Their faith taught them to care about injustice and the most vulnerable, according to nearly all the young Canadian Christians surveyed. They believe that caring for creation is an essential act of discipleship. It’s inspiring to hear this desire to see faith in action!


“As the Body of Christ, part of showing and sharing the kindness and love of God towards the world be to care for his creation in a very intentional way” - Canadian survey respondent. Credit: Unsplash 



Our churches aren’t doing enough yet.

The results were conclusive; young Christians feel the Church could and should be playing a much more impacting role in the climate crisis. They are gravely concerned about the future.  

The surveys asked their respondents in Canada and the UK whether they felt their local church was doing enough about climate change. Only one-third of Canadian respondents felt this was the case, and nine-in-ten British respondents felt their church wasn't doing enough yet. Our young people are telling us that we need to do more.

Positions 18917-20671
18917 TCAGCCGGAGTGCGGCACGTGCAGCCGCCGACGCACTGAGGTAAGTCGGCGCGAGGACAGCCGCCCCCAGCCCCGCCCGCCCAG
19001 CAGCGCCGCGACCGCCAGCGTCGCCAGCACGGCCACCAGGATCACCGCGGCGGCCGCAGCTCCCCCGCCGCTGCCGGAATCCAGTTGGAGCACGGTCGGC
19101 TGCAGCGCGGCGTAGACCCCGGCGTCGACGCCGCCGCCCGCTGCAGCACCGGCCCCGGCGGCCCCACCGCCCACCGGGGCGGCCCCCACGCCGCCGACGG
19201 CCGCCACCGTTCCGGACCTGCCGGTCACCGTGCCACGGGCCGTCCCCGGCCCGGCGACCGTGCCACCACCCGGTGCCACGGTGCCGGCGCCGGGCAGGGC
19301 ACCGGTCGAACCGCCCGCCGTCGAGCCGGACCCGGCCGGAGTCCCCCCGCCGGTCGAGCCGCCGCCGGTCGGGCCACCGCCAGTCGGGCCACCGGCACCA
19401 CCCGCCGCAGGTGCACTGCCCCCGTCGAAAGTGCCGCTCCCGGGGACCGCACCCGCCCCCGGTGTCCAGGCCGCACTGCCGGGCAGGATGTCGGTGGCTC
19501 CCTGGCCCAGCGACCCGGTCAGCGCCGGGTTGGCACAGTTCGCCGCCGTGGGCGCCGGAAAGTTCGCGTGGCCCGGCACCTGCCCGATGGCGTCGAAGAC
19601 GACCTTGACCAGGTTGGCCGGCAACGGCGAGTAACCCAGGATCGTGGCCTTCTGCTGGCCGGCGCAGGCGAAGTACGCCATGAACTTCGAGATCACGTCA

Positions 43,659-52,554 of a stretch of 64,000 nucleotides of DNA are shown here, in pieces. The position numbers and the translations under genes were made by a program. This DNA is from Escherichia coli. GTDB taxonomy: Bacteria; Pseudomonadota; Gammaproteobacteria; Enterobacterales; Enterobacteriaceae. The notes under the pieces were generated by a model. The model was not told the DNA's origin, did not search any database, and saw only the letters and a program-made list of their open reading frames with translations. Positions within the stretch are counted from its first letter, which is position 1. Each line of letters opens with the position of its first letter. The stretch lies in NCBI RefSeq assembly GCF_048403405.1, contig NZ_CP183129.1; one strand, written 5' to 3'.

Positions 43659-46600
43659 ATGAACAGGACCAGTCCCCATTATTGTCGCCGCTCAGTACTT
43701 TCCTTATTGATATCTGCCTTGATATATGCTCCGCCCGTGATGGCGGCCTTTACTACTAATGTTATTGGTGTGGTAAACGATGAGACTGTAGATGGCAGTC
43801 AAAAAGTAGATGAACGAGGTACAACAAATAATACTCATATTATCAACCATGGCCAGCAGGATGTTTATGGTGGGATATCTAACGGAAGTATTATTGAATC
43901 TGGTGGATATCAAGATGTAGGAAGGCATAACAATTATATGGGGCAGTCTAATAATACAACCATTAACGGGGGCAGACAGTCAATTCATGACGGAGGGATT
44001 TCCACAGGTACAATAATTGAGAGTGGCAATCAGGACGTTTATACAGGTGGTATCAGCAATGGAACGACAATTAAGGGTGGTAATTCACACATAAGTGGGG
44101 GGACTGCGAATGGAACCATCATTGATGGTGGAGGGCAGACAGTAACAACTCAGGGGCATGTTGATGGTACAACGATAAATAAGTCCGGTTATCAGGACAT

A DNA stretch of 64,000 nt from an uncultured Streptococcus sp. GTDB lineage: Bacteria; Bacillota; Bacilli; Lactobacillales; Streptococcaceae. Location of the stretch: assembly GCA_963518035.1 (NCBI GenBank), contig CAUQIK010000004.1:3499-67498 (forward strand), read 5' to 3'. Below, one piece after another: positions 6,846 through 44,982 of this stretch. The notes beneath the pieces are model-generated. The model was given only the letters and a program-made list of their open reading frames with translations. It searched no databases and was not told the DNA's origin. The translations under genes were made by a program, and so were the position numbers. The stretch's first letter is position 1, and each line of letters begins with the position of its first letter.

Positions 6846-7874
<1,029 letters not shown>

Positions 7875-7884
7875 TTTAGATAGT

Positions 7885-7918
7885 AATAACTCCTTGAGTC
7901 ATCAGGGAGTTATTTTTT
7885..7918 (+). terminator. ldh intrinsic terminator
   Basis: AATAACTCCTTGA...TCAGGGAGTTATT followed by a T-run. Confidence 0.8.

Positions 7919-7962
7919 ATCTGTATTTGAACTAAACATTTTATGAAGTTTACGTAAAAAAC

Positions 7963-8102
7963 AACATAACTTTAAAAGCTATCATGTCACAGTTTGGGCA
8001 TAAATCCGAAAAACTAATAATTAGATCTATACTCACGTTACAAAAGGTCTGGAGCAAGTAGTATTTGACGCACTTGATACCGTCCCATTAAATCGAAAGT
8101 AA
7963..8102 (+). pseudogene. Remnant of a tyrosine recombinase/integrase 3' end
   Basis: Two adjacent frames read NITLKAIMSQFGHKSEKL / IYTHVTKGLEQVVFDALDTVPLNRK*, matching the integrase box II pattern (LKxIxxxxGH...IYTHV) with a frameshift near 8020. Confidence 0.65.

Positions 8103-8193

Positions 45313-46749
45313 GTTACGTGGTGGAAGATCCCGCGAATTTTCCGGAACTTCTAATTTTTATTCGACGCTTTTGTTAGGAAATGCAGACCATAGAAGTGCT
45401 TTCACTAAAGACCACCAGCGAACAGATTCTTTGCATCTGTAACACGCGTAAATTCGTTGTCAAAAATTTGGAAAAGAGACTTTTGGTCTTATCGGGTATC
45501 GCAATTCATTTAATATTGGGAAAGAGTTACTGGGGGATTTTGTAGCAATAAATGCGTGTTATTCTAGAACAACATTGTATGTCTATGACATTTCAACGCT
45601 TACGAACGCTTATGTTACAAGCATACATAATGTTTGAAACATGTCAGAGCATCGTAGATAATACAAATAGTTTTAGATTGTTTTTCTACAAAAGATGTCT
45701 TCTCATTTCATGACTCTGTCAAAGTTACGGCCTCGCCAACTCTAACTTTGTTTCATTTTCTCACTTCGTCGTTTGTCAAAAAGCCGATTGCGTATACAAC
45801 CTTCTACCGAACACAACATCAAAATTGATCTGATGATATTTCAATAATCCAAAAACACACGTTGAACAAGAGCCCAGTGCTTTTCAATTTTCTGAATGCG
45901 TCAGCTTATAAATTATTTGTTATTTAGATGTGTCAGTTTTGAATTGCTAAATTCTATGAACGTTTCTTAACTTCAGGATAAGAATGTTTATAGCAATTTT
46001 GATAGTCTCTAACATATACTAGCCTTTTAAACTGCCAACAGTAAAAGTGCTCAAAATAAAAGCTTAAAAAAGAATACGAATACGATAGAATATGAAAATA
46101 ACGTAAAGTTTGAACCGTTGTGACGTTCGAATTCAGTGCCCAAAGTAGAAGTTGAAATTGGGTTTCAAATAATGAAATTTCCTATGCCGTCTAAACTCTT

The results were conclusive; young Christians feel the Church could and should be playing a much more impacting role in the climate crisis. Credit: Unsplash 


We want to see our churches talk more about climate change and take action together. 

The young Christians surveyed want their churches to talk more about climate change; from more environmental content in sermons, to sharing information on how congregation members can adopt more eco-friendly practices in daily life. They would like to be involved with their congregations in taking more practical steps like tree planting, community gardens, or reducing their emissions.  

There are heaps of simple and powerful actions churches can take. It can be overwhelming to know where to start. There’s no one thing—just do something! 

If engaging with your young people about environmental issues and climate change is new, that’s great - we’re all wading our way through this together! A great option is to bring in someone who is up-to-date and confident in communicating effectively from a biblical perspective. Perhaps now’s the time to book a Tearfund speaker or go through the Christianity and Climate Change small group series featuring Dr Katherine Hayhoe.